Wednesday, July 18, 2012

Of Wives, Brides, and Girls

I think some people aren’t going to like my review of “The Merry Wives of Windsor” in this week’s Style because I start out talking about a production that happened many years ago. What relevance, you might wonder, does the old production have to a current audience?

That question rang in my head as I was writing the review and I considered other directions but in the end I thought the comparison was relevant. To me, “Merry Wives” is a great comedy to go a little crazy with. Falstaff is Shakespeare’s great comic gift and, as broad (both physically and dramatically) as he is, I think you can go pretty far toward the absurd around him without risking being just flat-out ridiculous. And even if you err on the side of ridiculous, the opportunity for fun can make the show a winner.

There is much to like about the current “Merry Wives” production, as I hope comes across in the review. The key triangle of Todd Schall-Vess as Falstaff, Melissa Johnston Price as Mistress Page and Cynde Liffick as Mistress Ford all do great work and I loved all of their scenes together. But a key to where the production could have gone lies in the performances of Evan Nasteff and Brooke Turner. Nasteff does everything short of salivate to make Dr. Caius the image of a hyper-egotistic Frechmen. On the other side of the emotional scale, Turner is like a lusty little sprite flittering about her scenes, occasionally singing her lines. The two of them were the flirty/furious yin/yang of the piece and the source of much of my enjoyment with this production.

There are a lot of great comic performers involved in this show – Thomas Cunningham, David Janosik, Stephen Ryan, etc. – and while they are nicely entertaining here, I’ve seen all of them do better work in other shows. It could be a problem of expectations: I guess I was hoping for a more furiously funny production. Still, there are plenty of laughs here and, after hearing mixed things about “Cymbeline,” I was happy that the show seems like a solid return to form for Richmond Shakespeare. I just hope they don’t shy away from pushing the envelope a little further in the future.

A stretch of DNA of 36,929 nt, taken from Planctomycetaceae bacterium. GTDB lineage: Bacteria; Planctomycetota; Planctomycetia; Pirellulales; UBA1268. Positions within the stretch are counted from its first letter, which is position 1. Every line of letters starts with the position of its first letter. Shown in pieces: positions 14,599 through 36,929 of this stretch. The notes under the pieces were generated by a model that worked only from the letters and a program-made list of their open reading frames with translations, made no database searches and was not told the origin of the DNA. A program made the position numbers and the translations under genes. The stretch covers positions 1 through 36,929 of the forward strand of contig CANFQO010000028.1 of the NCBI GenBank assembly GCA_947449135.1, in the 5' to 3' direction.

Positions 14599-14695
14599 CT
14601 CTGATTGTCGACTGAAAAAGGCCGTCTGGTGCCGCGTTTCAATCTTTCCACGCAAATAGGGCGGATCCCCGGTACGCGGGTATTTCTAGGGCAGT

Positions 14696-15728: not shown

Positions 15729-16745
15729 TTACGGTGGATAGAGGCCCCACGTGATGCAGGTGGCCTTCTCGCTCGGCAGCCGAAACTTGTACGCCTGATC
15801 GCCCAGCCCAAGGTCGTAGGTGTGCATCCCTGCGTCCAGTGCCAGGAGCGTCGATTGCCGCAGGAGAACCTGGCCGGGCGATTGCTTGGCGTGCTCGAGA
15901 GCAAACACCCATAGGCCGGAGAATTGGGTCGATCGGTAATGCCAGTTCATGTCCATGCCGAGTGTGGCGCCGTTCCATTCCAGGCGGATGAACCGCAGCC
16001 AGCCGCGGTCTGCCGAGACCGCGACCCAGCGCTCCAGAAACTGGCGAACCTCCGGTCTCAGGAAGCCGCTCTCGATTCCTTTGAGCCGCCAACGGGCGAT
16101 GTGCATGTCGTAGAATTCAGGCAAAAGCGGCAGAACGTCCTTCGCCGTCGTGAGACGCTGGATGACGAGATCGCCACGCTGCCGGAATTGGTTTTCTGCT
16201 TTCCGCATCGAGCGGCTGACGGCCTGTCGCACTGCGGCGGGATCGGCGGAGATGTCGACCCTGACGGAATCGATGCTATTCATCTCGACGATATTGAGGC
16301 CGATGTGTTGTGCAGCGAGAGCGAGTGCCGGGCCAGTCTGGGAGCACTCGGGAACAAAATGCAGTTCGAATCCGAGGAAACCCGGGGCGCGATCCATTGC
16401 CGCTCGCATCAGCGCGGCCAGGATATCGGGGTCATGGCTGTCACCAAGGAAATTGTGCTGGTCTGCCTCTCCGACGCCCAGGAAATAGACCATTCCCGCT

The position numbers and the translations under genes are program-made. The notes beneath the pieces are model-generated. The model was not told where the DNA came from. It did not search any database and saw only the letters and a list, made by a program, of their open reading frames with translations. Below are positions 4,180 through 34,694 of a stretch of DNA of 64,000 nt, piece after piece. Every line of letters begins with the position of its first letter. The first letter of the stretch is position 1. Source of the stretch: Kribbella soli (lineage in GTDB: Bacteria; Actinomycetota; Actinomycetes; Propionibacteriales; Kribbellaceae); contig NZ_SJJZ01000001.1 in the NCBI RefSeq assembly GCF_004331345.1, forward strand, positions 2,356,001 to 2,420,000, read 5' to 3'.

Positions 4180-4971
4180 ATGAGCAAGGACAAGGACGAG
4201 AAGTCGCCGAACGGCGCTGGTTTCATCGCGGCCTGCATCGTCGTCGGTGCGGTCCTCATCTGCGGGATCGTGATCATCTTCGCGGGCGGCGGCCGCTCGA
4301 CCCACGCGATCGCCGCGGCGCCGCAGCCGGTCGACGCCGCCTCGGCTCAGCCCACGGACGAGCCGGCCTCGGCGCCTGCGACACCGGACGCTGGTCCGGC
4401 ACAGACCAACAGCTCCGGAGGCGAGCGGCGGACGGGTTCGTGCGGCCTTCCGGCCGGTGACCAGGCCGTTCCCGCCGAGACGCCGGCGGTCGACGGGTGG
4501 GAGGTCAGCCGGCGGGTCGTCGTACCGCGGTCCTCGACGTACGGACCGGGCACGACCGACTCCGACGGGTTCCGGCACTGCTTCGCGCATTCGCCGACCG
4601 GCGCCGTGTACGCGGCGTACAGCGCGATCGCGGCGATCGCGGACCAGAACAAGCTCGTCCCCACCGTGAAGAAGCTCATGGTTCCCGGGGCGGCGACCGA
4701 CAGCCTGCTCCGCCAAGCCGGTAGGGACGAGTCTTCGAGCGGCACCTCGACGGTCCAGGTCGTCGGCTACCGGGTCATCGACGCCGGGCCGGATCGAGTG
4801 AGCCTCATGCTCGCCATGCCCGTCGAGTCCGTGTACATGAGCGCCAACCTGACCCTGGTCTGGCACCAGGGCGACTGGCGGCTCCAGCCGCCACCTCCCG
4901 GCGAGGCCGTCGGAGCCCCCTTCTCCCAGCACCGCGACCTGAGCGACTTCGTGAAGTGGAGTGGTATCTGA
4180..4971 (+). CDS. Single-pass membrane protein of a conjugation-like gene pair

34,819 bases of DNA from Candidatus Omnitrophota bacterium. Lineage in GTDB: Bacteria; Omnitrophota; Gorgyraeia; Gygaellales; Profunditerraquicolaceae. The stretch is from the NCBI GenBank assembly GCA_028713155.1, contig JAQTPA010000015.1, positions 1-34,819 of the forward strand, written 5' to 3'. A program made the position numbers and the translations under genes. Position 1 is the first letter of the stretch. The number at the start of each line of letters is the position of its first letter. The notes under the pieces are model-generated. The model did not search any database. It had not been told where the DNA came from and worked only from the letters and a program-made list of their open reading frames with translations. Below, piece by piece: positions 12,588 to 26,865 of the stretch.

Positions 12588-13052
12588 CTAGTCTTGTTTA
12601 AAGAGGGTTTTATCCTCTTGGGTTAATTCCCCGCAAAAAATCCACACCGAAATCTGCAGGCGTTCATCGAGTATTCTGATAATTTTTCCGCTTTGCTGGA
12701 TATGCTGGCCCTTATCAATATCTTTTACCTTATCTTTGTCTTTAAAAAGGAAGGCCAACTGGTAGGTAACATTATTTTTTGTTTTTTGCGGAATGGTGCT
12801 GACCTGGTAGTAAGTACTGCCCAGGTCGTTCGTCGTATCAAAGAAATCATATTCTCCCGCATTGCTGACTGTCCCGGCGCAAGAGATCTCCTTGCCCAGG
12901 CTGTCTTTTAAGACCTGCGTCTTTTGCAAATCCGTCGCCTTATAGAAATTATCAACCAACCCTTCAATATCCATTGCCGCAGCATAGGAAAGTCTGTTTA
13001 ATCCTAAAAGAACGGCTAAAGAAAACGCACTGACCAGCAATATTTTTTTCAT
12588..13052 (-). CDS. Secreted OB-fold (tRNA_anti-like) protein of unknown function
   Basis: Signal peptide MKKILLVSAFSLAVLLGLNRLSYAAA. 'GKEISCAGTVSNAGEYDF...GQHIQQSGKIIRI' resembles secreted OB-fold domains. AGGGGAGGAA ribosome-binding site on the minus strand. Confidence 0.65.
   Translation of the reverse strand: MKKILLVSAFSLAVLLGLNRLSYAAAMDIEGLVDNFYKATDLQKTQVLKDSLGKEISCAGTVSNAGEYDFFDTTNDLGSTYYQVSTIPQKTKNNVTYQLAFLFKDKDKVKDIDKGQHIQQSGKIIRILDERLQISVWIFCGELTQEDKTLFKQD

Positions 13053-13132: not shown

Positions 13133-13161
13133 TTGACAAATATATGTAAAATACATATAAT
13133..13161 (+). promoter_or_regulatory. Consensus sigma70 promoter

I’ll be trekking down to Petersburg for “As You Wish,” the staged reading of “The Princess Bridge” tonight. The show is a pay-what-you-will benefit for Sycamore Rouge and features quite an exceptional cast. It’s inconceivable that people would pass up the chance to see this show! They’re doing it again tomorrow night so you don’t have to.

I also just heard that the Indigo Girls are playing at Maymont next Thursday. This has nothing to do with theater really except that I used to be such an Indigo Girls geek that I bought their take on the music from “Jesus Christ Superstar” way back in the mid 1990s. Funny thing: all the proceeds from the sale of that CD went toward supporting gun control. Wow, those were some idealistic days!

Finally, just to follow up on my “Dark Knight” mention yesterday: apparently commenters on Rotten Tomatoes have gone so far as to make death threats against critics who have published negative reviews about the movie. Really? I can understand passion about art but that’s just crazy. I expect some people won’t love my “Merry Wives” review (and feel free to post any rebuttals or counter-criticism) but the level of crazy here in our little community isn’t as high as in the public at large. Or at least, so I hope.

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